15. 15. (3) To encourage ◦ the development, strengthening and implementation of global, regional, national and community policies. action plans to improve diets and increase physical activity that are sustainable, comprehensive, and actively engage all sectors, including civil society, the private sector and the media.
  16. 16. (4) To monitor scientific data and key influences on diet and physical activity; to support research in a broad spectrum of relevant areas, including evaluation of intervention. (5) To strengthen the human resources needed in this domain to enhance and sustain health.
  17. 17. What is Sport: Sport has been defined as “all forms of physical activity which, through casual or organized participation, aim at expressing or improving physical fitness and mental wellbeing, forming social relationships or obtaining results in competition at all levels” (1).  Physical activity, on the other hand, has been defined as “any bodily movement produced by skeletal muscles that results in energy expenditure above resting level” (2). 1) European Sports Charter (revised). Brussels, Council of Europe, 2001. 2) Caspersen CJ, Powell KE, Christensen GM. Physical activity, exercise, and physical fitness: definitions and distinctions for health-related research. Public Health Reports, 1985, 100:126–131.
  18. 18. Benefits of Sports 1.Physical activity is a key determinant of energy expenditure, and thus is fundamental to energy balance and weight control. 2.Physical activity reduces risk for cardiovascular diseases and diabetes and has substantial benefits for many conditions, not only those associated with obesity.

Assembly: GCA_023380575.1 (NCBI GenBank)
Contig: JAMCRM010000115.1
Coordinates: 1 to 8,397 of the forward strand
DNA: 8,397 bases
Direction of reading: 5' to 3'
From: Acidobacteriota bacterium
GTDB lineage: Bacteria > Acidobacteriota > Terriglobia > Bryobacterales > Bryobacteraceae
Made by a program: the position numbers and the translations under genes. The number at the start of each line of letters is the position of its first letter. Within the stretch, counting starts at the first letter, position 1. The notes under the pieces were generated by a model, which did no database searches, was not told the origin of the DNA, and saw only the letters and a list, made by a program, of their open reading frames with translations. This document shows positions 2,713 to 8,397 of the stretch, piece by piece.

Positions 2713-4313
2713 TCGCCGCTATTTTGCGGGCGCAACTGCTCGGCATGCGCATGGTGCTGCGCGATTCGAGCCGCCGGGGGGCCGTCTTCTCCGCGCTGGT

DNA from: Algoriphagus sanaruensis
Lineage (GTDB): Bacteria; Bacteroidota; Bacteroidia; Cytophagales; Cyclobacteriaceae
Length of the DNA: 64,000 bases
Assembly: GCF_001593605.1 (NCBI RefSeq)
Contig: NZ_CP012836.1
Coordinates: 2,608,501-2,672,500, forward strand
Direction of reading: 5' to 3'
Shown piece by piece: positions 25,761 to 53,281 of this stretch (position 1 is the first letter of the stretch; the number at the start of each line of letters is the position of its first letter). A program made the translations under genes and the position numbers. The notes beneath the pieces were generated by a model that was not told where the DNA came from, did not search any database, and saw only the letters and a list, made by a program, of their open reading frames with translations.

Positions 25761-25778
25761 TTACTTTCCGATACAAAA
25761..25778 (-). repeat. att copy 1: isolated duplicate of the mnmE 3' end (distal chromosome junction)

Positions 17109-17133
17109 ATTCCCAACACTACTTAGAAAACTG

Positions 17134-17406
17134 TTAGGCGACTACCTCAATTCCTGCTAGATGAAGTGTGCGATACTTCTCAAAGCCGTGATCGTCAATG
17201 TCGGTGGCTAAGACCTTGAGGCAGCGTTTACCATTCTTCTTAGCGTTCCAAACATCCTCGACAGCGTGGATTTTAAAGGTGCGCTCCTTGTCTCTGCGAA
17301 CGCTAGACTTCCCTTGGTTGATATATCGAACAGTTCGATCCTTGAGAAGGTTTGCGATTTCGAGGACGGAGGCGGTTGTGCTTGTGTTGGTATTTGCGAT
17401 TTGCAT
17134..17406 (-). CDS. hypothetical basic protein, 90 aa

19. 19. 3. The beneficial effects of physical activity on the metabolic syndrome are mediated by mechanisms beyond controlling excess body weight.
  20. 20. 4. Different types and amounts of physical activity are required for different health outcomes: 5. At least 30 minutes of regular, moderateintensity physical activity on most days reduces the risk of cardiovascular disease and diabetes, cancer. colon cancer and breast
  21. 21. 6. Muscle strengthening and balance training can reduce falls and increase functional status among older adults. 7. More activity may be required for weight control.
  22. 22. 8.Exercise reduces Blood Pressure High blood pressure (above 140/90) the main cause of Heart Attack is and Stroke. 9.Exercise prevents Atherosclerosis (clogged arteries) 10. Exercise reduces cholesterol level in blood and WHO 2002 that prevents heart attack.
  23. 23. 10. Increases muscle and bone strength 11.Increases lean muscle and decreases body fat 12. Helps control weight 13.Enhances your psychological well-being, reduces depression 14.Reduces symptoms of improves your general mood anxiety and